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By Ben Wizner, staff attorney with the ACLU National Security Project. Ben arrived in Guantánamo Bay Sunday evening to attend this week's military commission hearings involving Salim Ahmed Hamdan, which are slated to conclude today.

It’s become almost cliché to observe that each time a detainee is brought before a military commission at Guantánamo, it’s the commission system itself that is truly on trial. On Monday, however, that talking point achieved a more concrete reality with the extraordinary spectacle of the commissions’ former chief prosecutor appearing as star witness — for the defense.

The much-anticipated testimony of Air Force Colonel Morris Davis would occur in the afternoon. In the morning, it was the sad and familiar, rather than the extraordinary, which prevailed.

Salim Ahmed Hamdan, alleged to have been Osama bin Laden’s driver, appeared in the courtroom looking haggard and dressed, for the first time, in prison garb. He asked to address the court and was given permission.

"Does the animal have rights, or not?" he asked. "Can you answer me? My question is: the animal has rights or not? But the human being doesn’t have rights."

Hamdan then indicated his desire to boycott proceedings and dismiss his lawyers: "I refuse participating in this and I refuse all the lawyers on my behalf — and I don’t allow the lawyers to participate in my absence." He rose to leave, then sat back down.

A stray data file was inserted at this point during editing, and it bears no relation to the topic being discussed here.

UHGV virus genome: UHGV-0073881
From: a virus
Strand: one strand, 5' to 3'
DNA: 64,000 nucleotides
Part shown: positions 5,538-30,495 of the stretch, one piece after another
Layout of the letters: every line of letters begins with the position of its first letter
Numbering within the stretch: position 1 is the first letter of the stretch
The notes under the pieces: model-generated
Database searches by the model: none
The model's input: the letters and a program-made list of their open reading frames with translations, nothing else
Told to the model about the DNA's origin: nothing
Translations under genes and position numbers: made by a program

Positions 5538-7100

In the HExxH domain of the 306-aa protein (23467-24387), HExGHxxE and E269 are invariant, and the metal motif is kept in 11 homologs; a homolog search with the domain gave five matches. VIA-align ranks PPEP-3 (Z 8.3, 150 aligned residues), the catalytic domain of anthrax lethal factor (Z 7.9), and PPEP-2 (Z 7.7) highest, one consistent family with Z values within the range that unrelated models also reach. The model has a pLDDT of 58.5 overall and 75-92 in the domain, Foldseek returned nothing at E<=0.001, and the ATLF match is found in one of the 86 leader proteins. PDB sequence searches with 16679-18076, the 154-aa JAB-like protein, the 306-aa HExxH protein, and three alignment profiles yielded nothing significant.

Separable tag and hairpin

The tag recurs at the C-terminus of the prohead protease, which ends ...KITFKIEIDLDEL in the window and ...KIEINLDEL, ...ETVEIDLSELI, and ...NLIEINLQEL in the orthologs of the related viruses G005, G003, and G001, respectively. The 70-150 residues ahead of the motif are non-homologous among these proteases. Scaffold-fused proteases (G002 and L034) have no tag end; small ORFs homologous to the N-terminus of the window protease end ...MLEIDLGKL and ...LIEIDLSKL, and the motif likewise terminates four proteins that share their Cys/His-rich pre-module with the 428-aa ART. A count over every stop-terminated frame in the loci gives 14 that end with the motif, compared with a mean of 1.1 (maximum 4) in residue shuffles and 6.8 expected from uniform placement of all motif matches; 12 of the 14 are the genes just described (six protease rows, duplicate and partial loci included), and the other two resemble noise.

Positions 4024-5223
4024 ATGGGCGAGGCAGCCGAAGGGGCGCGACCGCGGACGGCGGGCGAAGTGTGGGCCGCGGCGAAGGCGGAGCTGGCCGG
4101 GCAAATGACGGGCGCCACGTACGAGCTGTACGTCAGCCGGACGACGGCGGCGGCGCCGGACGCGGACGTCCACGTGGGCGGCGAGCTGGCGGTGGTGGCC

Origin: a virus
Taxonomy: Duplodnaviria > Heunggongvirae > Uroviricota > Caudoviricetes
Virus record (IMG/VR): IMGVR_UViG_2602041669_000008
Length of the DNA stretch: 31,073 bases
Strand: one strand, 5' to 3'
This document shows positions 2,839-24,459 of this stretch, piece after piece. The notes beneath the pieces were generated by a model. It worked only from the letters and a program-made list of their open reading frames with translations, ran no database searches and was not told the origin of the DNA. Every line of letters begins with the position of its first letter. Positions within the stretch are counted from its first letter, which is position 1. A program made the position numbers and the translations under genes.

Then, in an exchange with the judge, Hamdan revealed that he was most distressed by his military escorts’ refusal to allow him to use the bathroom in private: "Forgive me, I would like to use the bathroom, but the soldiers would not allow me — they wanted to be inside with me. Is that respect? Is that human rights? Do you accept that in your country?" The judge called for a recess to see whether Hamdan’s immediate concerns might be addressed, and it was far from clear that Hamdan would return or that the proceedings would continue.

It was an illuminating moment. Hamdan has become something of a household name, at least among lawyers. He is the Guantánamo prisoner who sued the Secretary of Defense, took his case to the U.S. Supreme Court, and won — in a landmark decision that will be studied for decades. Today’s hearing made painfully clear that the Supreme Court’s ruling has had positively no effect on Hamdan’s life — except, possibly, to make it worse. Following the Hamdan decision, Congress enacted the deplorable Military Commissions Act, which purported to strip detainees, including Hamdan, of the right of habeas corpus. Following the MCA’s passage, Hamdan’s habeas case was dismissed — and he was promptly transferred into solitary confinement, where he remains. It is a sober lesson for any lawyer.

Hamdan did elect to return to court in the afternoon, so he was able to witness one of the more remarkable moments in the history of a system that’s been replete with them. Colonel Davis took the stand and was sworn in by his successor as chief prosecutor, Colonel Lawrence Morris. Then, under questioning from the defense, Davis offered a disturbing narrative of his 25 months as chief prosecutor.